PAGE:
District-Level Race to the Top Grants Announced

The U.S. Department of Education announced last week a proposal for the next Race to the Top round, which unlike previous state-level rounds, is for individual school districts or consortia of districts. Districts will submit applications that include information about their current policies and practices as well as their goals and how they plan to meet them. The Department of Education has around $400 million to award about 20 grants ranging from $15-$25 million to applicants that best demonstrate a commitment to education reform and innovation in the classroom.

The Race to the Top program was first announced in 2009 by President Obama and Secretary of Education Arne Duncan. It began with three rounds of state-level competitions in which about $4 billion in grants was awarded to 19 states and the District of Columbia. Alabama was not among the states awarded a grant.

This year’s Race to the Top program is targeted at individual classrooms and the relationships between teachers and students. It aims to challenge school districts to show how they are working to ensure an individualized educational experience for every child, meeting his or her specific needs. The program hopes that through novel approaches such as creative use of technology, parent partnerships, and new teaching schemes, districts can propel education beyond a one-size-fits-all model.

This vision of a more individualized educational system is part of a larger effort to promote four core reform areas. These areas are:

  • Implementing standards to increase college and career readiness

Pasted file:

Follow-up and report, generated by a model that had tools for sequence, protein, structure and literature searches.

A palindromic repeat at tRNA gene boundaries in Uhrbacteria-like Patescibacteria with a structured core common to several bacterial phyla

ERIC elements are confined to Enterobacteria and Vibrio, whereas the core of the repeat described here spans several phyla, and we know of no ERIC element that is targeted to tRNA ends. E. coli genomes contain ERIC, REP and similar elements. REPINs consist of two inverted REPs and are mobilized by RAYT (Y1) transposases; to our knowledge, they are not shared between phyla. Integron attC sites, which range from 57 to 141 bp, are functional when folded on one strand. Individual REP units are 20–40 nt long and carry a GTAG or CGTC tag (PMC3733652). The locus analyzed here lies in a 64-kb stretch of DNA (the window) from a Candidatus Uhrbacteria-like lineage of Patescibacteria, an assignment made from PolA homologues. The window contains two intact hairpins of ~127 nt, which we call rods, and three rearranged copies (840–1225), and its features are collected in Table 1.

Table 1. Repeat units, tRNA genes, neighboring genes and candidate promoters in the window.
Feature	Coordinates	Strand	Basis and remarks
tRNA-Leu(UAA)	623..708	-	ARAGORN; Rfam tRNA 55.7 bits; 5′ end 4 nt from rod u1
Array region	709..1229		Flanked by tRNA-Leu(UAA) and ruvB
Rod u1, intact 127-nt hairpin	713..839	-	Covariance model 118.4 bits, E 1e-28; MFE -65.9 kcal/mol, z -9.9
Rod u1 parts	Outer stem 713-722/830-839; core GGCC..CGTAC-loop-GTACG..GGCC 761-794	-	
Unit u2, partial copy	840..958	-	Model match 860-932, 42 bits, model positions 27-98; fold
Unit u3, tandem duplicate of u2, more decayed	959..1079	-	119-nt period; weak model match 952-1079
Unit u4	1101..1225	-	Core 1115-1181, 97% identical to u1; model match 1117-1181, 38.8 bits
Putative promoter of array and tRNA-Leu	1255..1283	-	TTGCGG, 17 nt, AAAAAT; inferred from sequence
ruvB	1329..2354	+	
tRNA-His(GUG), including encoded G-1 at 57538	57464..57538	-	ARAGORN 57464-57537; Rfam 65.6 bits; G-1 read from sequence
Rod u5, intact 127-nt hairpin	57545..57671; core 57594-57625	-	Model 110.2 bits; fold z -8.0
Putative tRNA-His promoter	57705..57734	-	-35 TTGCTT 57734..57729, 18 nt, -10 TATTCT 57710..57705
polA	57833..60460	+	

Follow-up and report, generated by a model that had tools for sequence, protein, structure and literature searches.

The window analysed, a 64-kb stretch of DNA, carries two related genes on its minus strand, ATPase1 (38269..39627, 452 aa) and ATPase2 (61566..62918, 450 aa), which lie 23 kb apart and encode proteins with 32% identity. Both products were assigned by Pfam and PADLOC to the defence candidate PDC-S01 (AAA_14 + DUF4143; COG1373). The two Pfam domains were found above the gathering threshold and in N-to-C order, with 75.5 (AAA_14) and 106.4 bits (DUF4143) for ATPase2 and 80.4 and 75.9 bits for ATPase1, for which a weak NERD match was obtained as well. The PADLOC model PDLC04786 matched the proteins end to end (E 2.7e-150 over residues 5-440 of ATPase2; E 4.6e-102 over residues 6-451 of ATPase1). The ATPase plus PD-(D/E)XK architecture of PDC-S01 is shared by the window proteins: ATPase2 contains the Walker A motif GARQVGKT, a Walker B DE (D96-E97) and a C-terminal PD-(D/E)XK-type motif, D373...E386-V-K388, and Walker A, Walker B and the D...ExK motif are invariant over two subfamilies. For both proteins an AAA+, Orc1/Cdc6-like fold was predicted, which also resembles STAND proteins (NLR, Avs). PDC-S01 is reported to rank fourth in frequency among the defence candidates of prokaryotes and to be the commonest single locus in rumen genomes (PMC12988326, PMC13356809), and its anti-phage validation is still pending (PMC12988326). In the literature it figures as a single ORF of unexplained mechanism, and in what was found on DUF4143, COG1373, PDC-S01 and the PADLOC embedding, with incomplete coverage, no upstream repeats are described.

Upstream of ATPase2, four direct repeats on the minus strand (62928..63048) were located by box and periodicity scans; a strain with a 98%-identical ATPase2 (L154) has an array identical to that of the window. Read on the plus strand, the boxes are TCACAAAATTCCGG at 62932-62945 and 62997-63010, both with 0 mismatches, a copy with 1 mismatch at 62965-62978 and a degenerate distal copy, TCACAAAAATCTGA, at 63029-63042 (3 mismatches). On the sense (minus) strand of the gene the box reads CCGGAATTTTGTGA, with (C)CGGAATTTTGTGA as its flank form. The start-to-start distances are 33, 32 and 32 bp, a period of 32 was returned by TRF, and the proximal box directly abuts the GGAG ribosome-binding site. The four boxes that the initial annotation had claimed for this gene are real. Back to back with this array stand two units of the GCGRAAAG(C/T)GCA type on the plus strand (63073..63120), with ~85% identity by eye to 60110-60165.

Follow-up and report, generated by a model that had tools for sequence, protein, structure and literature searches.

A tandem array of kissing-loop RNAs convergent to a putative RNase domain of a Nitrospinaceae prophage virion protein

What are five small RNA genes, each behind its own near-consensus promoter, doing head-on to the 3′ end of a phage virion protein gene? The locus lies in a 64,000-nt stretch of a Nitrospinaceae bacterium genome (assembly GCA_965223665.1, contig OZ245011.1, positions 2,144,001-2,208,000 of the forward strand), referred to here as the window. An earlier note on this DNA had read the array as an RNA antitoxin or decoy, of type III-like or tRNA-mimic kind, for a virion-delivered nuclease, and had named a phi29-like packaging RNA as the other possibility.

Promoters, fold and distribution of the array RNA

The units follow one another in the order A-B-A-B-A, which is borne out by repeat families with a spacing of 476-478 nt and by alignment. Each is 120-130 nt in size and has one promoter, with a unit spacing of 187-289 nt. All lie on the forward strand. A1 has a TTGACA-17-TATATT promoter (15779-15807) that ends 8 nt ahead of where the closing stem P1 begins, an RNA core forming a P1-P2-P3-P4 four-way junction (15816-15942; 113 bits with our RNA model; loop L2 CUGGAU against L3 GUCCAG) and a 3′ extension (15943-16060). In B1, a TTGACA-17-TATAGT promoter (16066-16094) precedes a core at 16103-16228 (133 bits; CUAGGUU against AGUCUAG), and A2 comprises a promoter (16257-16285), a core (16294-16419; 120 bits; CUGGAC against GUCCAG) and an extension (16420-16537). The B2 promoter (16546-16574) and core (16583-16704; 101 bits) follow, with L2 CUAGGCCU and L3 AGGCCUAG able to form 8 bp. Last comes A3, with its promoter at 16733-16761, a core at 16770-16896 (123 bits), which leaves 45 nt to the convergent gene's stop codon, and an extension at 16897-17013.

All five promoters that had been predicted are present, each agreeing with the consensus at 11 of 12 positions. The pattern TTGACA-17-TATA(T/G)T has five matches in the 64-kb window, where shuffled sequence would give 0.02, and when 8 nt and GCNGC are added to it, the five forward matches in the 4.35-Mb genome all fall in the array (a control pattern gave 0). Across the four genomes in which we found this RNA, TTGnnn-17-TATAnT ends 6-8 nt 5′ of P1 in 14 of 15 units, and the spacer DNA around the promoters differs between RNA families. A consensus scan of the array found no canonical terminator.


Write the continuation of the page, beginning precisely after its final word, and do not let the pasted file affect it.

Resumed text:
• Building data systems to help measure student improvement as well as help educators improve instruction
  • Recruiting, training, retaining, and rewarding high-performance teachers and principals; and
  • Turning around the most low-achieving schools

To have successful applications, districts must collaborate with teachers, principals, parents, and outside organizations to provide a smooth transition into the proposed reforms.

To be eligible to apply, districts or groups of districts must serve at least 2500 students, and at least 40% of the students must come from low-income households. Rural districts or other districts that serve less than 2500 students are still eligible to apply; however, they must apply as part of a collective group of districts that serves at least 2500 students.

The program is set up so that districts in states that have already received funding from the state-level Race to the Top program, districts in states that did not receive funding, and rural districts all have an equal chance to receive funding through this program. The Department of Education expects to begin accepting applications in October and awarding grants in December.